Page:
United States District Court, W.D. Michigan, Northern Division
ORDER APPROVING AND ADOPTING MAGISTRATE JUDGE'S
REPORT AND RECOMMENDATION
HOLMES BELL UNITED STATES DISTRICT JUDGE
August 12, 2016, United States Magistrate Judge Timothy P.
Greeley issued a Report and Recommendation
(“R&R”) recommending that Defendants'
motions for summary judgment (ECF Nos. 45, 49) be granted due
to Plaintiff's failure to exhaust administrative
remedies. (ECF No. 57.) The matter is before the Court on
Plaintiff's objections to the R&R. (ECF No. 61.)
Court is required to make a de novo determination of those
portions of the R&R to which specific objection has been
made, and may accept, reject, or modify any or all of the
Magistrate Judge's findings or recommendations. 28 U.S.C.
§ 636(b)(1); Fed.R.Civ.P. 72(b). “[A] general
objection to a magistrate's report, which fails to
specify the issues of contention, does not satisfy the
requirement that an objection be filed. The objections must
be clear enough to enable the district court to discern those
issues that are dispositive and contentious.”
Miller v. Currie, 50 F.3d 373, 380 (6th Cir. 1995).
objects to the Magistrate Judge's conclusion that
Plaintiff did not fully exhaust his administrative remedies.
Plaintiff argues that, on October 13, 2014, he completed a
grievance form but the coordinator did not file it or make a
monthly report with the information. (ECF No. 61,
PageID.324.) Plaintiff asserts that his failure to exhaust
administrative remedies is due to the error of the grievance
coordinator. (Id.) Because the coordinator never
filed this grievance, the Magistrate Judge did not consider
it when he evaluated whether the grievances filed by
Plaintiff applied to this case.
prisoner bringing an action under 42 U.S.C. § 1983 must
exhaust all of his available administrative remedies. 42
U.S.C. § 1997e(a). In order to exhaust administrative
remedies, prisoners must complete the administrative review
process in accordance with deadlines and other applicable
procedural rules. Jones v. Bock, 549 U.S. 199,
217-19 (2007); see also Woodford v. Ngo, 548 U.S.
81, 92-91 (2006). MDOC Policy Directive 03.02.130 sets forth
the applicable grievance procedures for prisoners in MDOC
custody at the time relevant to the complaint. A prisoner
must first attempt to resolve a problem orally, within 2
business days of becoming aware of the grievable issue,
unless prevented by circumstances beyond his control. (ECF
No. 45-2, PageID.259, ¶ P.) Plaintiff argues that he was
unable to orally resolve the matter because he cannot speak
or talk, so he was prevented by circumstances beyond his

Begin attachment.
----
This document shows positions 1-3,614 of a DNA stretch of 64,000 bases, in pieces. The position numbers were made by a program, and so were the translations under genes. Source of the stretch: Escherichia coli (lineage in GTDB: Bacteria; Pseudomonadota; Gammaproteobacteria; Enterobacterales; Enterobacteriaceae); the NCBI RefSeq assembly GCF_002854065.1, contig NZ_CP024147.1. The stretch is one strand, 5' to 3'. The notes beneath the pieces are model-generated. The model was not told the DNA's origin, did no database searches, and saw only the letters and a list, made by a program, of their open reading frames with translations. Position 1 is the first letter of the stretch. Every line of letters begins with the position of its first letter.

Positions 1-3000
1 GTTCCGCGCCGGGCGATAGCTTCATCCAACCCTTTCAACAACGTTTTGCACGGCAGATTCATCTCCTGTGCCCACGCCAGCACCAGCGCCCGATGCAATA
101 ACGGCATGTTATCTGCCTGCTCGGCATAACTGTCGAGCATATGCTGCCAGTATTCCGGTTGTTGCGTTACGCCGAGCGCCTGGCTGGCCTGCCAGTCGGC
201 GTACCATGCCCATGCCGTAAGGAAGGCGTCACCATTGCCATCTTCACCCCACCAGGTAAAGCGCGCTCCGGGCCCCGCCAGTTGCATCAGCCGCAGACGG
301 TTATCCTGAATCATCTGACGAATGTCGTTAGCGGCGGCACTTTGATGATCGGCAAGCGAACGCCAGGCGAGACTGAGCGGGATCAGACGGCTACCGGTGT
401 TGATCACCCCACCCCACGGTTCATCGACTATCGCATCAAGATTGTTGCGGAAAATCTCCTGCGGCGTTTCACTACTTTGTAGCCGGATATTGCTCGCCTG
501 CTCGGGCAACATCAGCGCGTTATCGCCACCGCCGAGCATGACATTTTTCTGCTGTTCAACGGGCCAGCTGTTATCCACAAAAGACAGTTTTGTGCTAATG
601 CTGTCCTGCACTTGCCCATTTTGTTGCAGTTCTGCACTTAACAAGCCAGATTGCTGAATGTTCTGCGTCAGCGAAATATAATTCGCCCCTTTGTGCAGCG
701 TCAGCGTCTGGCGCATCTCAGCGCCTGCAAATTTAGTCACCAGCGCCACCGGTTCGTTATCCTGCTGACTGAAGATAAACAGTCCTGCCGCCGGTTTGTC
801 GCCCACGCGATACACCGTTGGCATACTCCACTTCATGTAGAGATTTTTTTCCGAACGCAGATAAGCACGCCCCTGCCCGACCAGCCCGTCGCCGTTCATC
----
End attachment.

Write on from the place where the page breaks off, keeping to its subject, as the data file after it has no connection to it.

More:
control. (ECF No. 61, PageID.323.)
resolution is unsuccessful, the prisoner may proceed to Step
I of the grievance process and submit a completed grievance
form within 5 business days of the attempted oral resolution.
(Id.) The prisoner submits the completed grievance
form to a designated grievance coordinator, who logs and
assigns a unique identifying number to each Step I grievance
received. (Id. at PageID.260, ¶¶ V, W.)
Plaintiff argues that he submitted a completed grievance form
to the coordinator, but the coordinator did not file it.
Despite this claim, Plaintiff maintains that he received a
unique identifying number for the grievance.
prisoner is not satisfied with the Step I response, or does
not receive a timely response, he may appeal to Step II by
obtaining an appeal form within 10 business days of the
response, or if no response was received, within 10 days
after the response was due. (Id. at ¶ T.) If
the prisoner is still dissatisfied with the Step II response,
or does not receive a timely Step II response, he may appeal
to Step III using the same appeal form. (Id.) The
Step III form shall be sent within 10 business days after the
date the Step II response was due. (Id.) Plaintiff
does not claim that he filed a Step II or Step III response
for this grievance. To fully exhaust his administrative
remedies, Plaintiff should have appealed to Step II and Step
III, even if he never received a response. Therefore,
Plaintiff has failed to fully exhaust the administrative
remedies for his grievance from October 14, 2013. It is also
unclear whether this grievance named any of the Defendants
and whether it is relevant to the Plaintiff's present
R&R accurately recites the facts and correctly applies
pertinent law. The Court finds the R&R to be
well-reasoned, and Plaintiff's objection is without
merit. For the reasons explained by the R&R, the Court
will grant Defendants' motions for summary judgment (ECF
Nos. 45, 49), and finds that there is no good-faith basis for
an appeal. Accordingly, IT IS HEREBY ORDERED that
Plaintiff's objection to the R&R (ECF No. 61) is
FURTHER ORDERED that the R&R (ECF No. 57) is APPROVED and
ADOPTED as the opinion of the Court.
FURTHER ORDERED that Defendants' motions for summary
judgment (ECF Nos. 45, 49) are GRANTED and this ...